COM³ pilots: How UoL4.0 Challenge builds a digitally-enabled Lincolnshire

19 June 2020 - Published by P. Khodabakhsh
To date, more than 200 students at the University of Lincoln have worked together with 7 SMEs to develop digital solutions to real-world business challenges. These are some of the lessons learned in the process.

The purpose of UoL4.0 Challenge, the COM3 pilot at Lincolnshire, is twofold. On one hand is to support the development of highly engaged, employable and creative-thinking graduates who contribute to the development of society and the economy; on the other, for businesses to connect their new commercial ideas with their potential markets, through the development and use of digital technologies. All of these from a sustainable community perspective.

To build such a pilot we recognised, at an early stage, the importance of securing commitment from a wide range of stakeholders. For instance, we identified the need to include academia, businesses and government, what has been previously identified as the Triple Helix for Innovation (Etzkowitz & Leydesdorff (1995), as well as engage with society and the environment (Carayannis &  Campbell, 2010).

Triple helix model of the COM³ UoL 4.0 Challenge

As a result, we developed the UoL4.0 Challenge, an adaptation to the challenge-based learning approach. Challenge-based learning (CBL) is a cutting-edge educational approach that integrates traditional learning modules (theory and practice) and real-life challenges that require solutions. Learning modules are specifically designed to provide the necessary theoretical and practical knowledge to solve the challenges.

Industry 4.0 in the focus in early 2020

Between January to May 2020, we implemented UoL4.0 Challenge within an undergrad module on Operations Management, with a focus on industry 4.0 technologies to support SMEs in their exploration of what digital technologies can do to support their businesses' performance.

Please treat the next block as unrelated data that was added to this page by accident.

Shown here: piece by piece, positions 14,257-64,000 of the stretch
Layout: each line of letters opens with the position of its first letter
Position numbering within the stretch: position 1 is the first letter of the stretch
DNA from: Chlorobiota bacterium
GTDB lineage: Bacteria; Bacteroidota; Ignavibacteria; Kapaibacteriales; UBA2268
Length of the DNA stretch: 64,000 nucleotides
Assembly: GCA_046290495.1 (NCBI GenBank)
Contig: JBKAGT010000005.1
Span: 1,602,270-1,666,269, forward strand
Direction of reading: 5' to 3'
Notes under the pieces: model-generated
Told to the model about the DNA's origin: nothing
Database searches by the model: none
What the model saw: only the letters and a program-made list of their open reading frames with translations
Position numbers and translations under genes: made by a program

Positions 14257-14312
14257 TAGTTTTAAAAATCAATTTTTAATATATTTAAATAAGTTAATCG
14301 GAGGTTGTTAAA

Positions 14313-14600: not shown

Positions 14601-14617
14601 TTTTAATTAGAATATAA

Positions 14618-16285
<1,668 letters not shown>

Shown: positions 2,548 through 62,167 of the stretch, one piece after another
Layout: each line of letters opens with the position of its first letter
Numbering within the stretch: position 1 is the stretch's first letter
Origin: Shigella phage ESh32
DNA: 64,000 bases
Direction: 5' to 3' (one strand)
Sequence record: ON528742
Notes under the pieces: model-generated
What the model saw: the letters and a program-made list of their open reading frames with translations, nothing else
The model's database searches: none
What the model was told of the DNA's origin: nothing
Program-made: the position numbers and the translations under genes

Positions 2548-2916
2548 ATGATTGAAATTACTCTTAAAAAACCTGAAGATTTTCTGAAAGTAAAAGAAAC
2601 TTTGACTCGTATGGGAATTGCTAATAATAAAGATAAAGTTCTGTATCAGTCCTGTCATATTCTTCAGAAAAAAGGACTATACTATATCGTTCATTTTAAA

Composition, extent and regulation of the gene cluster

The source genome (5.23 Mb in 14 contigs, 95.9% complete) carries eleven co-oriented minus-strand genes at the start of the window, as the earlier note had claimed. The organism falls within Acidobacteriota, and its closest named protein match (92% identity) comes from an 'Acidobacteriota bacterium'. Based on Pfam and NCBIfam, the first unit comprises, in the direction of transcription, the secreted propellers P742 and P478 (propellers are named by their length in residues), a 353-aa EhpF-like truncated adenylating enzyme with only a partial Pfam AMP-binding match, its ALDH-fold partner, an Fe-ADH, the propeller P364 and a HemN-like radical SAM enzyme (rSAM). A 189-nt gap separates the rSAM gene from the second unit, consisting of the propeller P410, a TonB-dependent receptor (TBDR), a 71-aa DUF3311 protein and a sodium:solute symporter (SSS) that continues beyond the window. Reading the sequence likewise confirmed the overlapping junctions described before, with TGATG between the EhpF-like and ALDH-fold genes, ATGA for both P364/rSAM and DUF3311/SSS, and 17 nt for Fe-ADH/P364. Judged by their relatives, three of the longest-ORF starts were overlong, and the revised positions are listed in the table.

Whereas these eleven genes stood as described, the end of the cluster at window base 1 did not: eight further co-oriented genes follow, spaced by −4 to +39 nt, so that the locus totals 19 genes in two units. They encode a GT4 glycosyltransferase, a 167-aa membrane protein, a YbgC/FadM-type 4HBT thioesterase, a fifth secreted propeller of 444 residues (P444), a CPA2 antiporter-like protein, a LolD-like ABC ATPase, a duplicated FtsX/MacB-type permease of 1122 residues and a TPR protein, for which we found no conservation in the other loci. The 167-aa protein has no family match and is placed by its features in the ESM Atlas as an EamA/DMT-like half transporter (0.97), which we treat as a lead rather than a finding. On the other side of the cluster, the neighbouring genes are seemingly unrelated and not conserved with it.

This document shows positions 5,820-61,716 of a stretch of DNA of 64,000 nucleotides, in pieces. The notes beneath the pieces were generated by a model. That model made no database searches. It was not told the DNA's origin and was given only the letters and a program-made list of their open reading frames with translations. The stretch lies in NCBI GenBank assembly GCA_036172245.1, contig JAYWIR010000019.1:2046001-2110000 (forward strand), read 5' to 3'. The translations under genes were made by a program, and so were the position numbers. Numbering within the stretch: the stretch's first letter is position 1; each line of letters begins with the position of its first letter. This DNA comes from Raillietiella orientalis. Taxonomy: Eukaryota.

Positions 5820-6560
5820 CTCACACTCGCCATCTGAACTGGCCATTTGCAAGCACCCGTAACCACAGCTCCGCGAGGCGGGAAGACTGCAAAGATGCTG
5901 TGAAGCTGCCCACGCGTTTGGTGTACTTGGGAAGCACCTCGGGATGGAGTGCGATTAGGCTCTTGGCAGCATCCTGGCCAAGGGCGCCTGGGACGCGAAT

More than 200 students organised in 35 teams worked with 7 SMEs to present digital solutions to real-world business challenges. Students presented their findings in a series of posters, which constituted a digital exposition, of what was explored, how was it solved, the benefits and limitations to their solutions, and a reflection about their first-hand experiences.

Benefits for students, SMEs and the University

Results suggest that the UoL4.0 Challenge and the CBL approach increase students’ understanding of operations management in real-life settings, and help the students’ development of 21st century skills. It also demonstrates the interest of SMEs in exploring use of digital technologies to improve their performance, and build their resilience, through more digitally-based sustainable practices.

Another contribution from this step of the COM3 pilot project at Lincoln is the conceptualization, implementation and evaluation of a CBL approach for teaching undergraduate complex modules. In particular, students found that participating in UoL4.0 Challenge helped them to understand how theoretical tools and concepts can be implemented in real-life settings.  It enabled them to explore the potential of industry 4.0 technologies in devising operational solutions. Furthermore, UoL4.0 Challenge was reported by students as conducive for their development of 21st century skills, such as adaptability, collaboration, problem solving, communication, creativity and innovation.

Finally, students experienced what it may mean to work in the “new normal”. Circumstances associated with COVID-19, such as social distancing, demanded the closure of physical educational facilities. Students and SMEs were very agile to move into a new digital workspace, where they continue to experience the advantages and limitations of working online.

Watch the UoL 4.0 Challenge Award ceremony

The next UoL4.0 Challenge event is expected to take place in October 2020 to January 2021.